Final Blog Post

When I first registered for this course, I really did not know what to expect. Studying time sounded like it could be interesting, and analyzing its value certainly seemed like it could be insightful and helpful. I didn’t realize how little I actually knew about time until these past three months. Daylight savings made me aware of the fact that time is a social construct, but beyond this, I did not really think of time on a much deeper level. After taking this class, I will never look at a clock, a calendar, a countdown, a timeline, an obelisk, a tree, a rock, space, or any time keeping device for that matter, in the same way that I did before.

Aside from the many timekeeping devices that I now look at differently, my outlook on other major areas of my life have also changed as a result of taking this class. More specifically speaking, this class has altered the way in which I think about God. One belief I always grappled with committing to was whether God could tell the future. I believe God is omnipotent, and so it follows that God would be able to tell the future. I found issue with this belief because it felt like if it was true, then my prayers might not even matter, as if what was going to happen in my life and in the world was already determined. Logically speaking, if the future wasn’t already determined, then how could God know it? After reading Augustine and discussing his work in class, I came to a resolution in agreement with Augustine: that God does not exist within the confines of time but rather exists outside of time. Augustine’s logical explanation made a great deal of sense to me, and has helped clarify one of the major confusions I had about my belief in God.

Through our discussions and readings on timekeeping devices throughout history, I learned about the ways in which different cultures and civilizations kept time, about the purposes time served for these people, and whom in those societies timekeeping primarily served to benefit. I was particularly fascinated by our class’ analysis of the Roman calendar and our class’ dissection of the standard calendar we use today. These discussions subverted the assumption I previously held that calendars were simplistic and easy to understand. Exercises throughout the semester such as this one have indubitably strengthened my analytical skills. I remember on the first day of class when Professor Gribetz first asked, “what time is it?” I did not think much further beyond the answer “11:31 AM.” Now, at this point in the semester, I feel confident enough to discuss the complexities of time and create analogies to help contextualize the way one thinks about time (e.g., by relating time to trees).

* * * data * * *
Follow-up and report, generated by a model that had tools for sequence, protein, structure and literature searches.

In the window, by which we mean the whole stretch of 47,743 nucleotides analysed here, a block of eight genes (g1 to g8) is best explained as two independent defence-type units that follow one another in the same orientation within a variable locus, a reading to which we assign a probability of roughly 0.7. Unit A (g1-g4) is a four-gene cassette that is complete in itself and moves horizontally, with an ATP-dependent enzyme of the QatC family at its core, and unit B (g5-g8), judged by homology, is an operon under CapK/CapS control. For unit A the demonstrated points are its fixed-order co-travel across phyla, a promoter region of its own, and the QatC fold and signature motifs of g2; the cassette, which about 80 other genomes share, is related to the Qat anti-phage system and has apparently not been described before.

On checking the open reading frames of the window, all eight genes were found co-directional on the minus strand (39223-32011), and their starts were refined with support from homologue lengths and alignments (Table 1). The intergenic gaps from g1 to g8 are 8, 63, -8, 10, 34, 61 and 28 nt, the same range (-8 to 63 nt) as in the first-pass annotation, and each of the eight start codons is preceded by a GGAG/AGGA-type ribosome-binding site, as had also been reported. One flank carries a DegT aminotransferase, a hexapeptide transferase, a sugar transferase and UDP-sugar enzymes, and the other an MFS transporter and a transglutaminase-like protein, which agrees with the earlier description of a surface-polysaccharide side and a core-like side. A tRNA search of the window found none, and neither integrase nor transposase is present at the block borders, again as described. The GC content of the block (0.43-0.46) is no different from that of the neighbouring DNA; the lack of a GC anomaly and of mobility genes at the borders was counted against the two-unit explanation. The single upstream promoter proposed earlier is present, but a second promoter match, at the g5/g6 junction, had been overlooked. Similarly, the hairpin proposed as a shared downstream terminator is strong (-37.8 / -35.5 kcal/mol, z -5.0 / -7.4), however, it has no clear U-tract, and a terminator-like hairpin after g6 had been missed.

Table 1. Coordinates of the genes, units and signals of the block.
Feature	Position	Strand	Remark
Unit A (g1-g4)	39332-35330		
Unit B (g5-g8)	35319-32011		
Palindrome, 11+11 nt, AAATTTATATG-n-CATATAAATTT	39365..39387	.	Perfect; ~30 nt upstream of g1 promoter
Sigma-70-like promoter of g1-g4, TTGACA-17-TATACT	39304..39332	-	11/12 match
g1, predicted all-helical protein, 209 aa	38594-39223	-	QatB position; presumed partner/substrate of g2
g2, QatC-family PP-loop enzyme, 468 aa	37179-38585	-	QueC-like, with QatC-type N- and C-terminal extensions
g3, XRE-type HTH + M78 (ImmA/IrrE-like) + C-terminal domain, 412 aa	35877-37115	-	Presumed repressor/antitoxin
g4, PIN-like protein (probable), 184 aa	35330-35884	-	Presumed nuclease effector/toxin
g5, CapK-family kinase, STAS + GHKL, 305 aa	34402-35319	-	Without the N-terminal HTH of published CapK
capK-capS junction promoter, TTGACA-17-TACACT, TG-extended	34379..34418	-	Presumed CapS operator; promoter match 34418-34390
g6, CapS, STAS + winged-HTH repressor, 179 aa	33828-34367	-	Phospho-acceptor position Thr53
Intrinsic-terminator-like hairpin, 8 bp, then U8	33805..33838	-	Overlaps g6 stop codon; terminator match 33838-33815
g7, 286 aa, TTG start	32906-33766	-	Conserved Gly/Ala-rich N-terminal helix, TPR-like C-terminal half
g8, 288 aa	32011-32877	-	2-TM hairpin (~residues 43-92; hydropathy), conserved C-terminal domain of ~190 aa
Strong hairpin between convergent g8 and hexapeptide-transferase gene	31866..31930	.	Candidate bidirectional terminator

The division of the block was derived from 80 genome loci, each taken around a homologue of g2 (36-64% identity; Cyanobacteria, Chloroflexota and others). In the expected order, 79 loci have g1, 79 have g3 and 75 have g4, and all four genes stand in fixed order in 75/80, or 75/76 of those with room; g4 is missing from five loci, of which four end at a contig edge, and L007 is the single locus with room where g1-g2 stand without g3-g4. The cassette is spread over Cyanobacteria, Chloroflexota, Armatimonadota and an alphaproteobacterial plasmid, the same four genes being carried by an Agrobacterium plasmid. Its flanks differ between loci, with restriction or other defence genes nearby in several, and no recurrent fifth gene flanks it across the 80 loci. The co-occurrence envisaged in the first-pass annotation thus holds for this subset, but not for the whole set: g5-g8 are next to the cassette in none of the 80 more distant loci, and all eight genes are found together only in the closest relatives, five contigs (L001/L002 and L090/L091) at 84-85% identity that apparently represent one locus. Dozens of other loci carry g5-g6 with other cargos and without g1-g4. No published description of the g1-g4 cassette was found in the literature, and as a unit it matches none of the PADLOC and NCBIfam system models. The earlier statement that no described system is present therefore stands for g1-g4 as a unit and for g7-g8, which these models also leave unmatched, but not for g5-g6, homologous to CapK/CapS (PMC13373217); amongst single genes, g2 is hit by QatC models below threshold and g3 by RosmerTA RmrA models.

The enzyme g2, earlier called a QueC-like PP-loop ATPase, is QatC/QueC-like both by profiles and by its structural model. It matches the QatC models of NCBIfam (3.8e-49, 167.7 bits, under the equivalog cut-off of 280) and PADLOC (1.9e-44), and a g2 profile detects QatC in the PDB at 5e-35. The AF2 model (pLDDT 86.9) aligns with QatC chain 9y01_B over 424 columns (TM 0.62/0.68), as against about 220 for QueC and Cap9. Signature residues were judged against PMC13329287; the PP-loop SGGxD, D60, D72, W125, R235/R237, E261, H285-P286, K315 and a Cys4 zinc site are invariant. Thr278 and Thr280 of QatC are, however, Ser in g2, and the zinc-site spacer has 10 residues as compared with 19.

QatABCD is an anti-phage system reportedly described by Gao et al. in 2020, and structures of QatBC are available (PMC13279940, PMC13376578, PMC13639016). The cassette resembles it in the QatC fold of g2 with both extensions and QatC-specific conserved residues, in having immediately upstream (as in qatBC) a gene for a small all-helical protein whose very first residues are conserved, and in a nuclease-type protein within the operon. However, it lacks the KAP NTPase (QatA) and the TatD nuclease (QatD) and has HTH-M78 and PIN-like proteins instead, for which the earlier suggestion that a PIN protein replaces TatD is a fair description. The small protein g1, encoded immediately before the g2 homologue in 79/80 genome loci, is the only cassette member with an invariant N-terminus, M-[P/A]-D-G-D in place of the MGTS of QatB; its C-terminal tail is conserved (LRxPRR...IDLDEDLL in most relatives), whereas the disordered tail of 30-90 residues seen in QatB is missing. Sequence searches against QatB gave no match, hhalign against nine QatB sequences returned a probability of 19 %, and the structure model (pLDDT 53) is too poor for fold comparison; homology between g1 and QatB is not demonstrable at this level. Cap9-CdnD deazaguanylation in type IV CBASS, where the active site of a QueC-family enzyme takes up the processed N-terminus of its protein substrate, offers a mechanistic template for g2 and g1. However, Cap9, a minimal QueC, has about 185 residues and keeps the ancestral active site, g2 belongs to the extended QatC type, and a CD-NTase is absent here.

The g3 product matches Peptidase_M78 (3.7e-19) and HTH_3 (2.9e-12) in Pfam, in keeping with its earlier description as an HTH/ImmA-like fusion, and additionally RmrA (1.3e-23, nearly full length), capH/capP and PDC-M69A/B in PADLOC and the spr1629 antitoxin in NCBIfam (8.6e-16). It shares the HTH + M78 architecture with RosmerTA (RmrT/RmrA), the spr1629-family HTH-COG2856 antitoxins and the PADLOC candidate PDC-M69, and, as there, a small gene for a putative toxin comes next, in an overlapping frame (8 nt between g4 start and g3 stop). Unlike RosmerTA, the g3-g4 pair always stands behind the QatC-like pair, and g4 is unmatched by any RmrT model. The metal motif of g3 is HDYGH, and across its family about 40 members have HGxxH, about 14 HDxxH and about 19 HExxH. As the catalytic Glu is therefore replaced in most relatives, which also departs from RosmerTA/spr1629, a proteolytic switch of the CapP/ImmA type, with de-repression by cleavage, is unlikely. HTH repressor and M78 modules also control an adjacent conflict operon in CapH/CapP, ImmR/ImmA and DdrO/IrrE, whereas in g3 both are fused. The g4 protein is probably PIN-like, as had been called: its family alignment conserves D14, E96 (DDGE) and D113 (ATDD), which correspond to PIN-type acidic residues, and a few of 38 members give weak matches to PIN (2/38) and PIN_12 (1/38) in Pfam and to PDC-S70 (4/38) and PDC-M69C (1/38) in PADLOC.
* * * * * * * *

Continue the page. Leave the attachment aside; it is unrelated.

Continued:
One of my favorite aspects of this class was reading about the viewpoints and perspectives of some prolific writers and thinkers, and then taking those viewpoints and perspectives and discussing them with the class to see what we all agreed and disagreed on and found most intriguing. I felt that these dialogues were particularly insightful and often broadened my horizons. For example, I can remember having my perspective on the distinction between work and rest changed through one class discussion: I previously believed that the two were basically mutually exclusive, that anything laborious was work even if it was relaxing in some way. Devin’s explanation of how he finds writing to be hard work, yet considers it to be leisurely and rejuvenating was what ultimately changed my perspective.

I think it’s apparent after reading my very first blog post that I, like many others, am anxious about making sure that I spend my time properly. This has become even more relevant as I have only 16 days left until graduation at the time this post is due. Throughout this semester I’ve gotten to explore topics relevant to me and my family and reflect on personal experiences regarding time (e.g., waiting for decision letters from law schools). One of the reasons this class has been so interesting is because we get to experience exactly what we study while we study it. Nonetheless, the fact that some of the questions we posed in class are still at large speaks to how intricate the study of time can get; in particular the question regarding how if all the change happening in the universe just stopped, does that mean time has stopped? Has this phenomenon happened to me while writing this post and I’m just not aware of it? I have yet to make up my mind about the answers to these questions and other questions similar to them. I look forward to continuing my journey on the exploration of time, figuring out how best to utilize it all while being cognizant of all that I’ve learned during these past three months.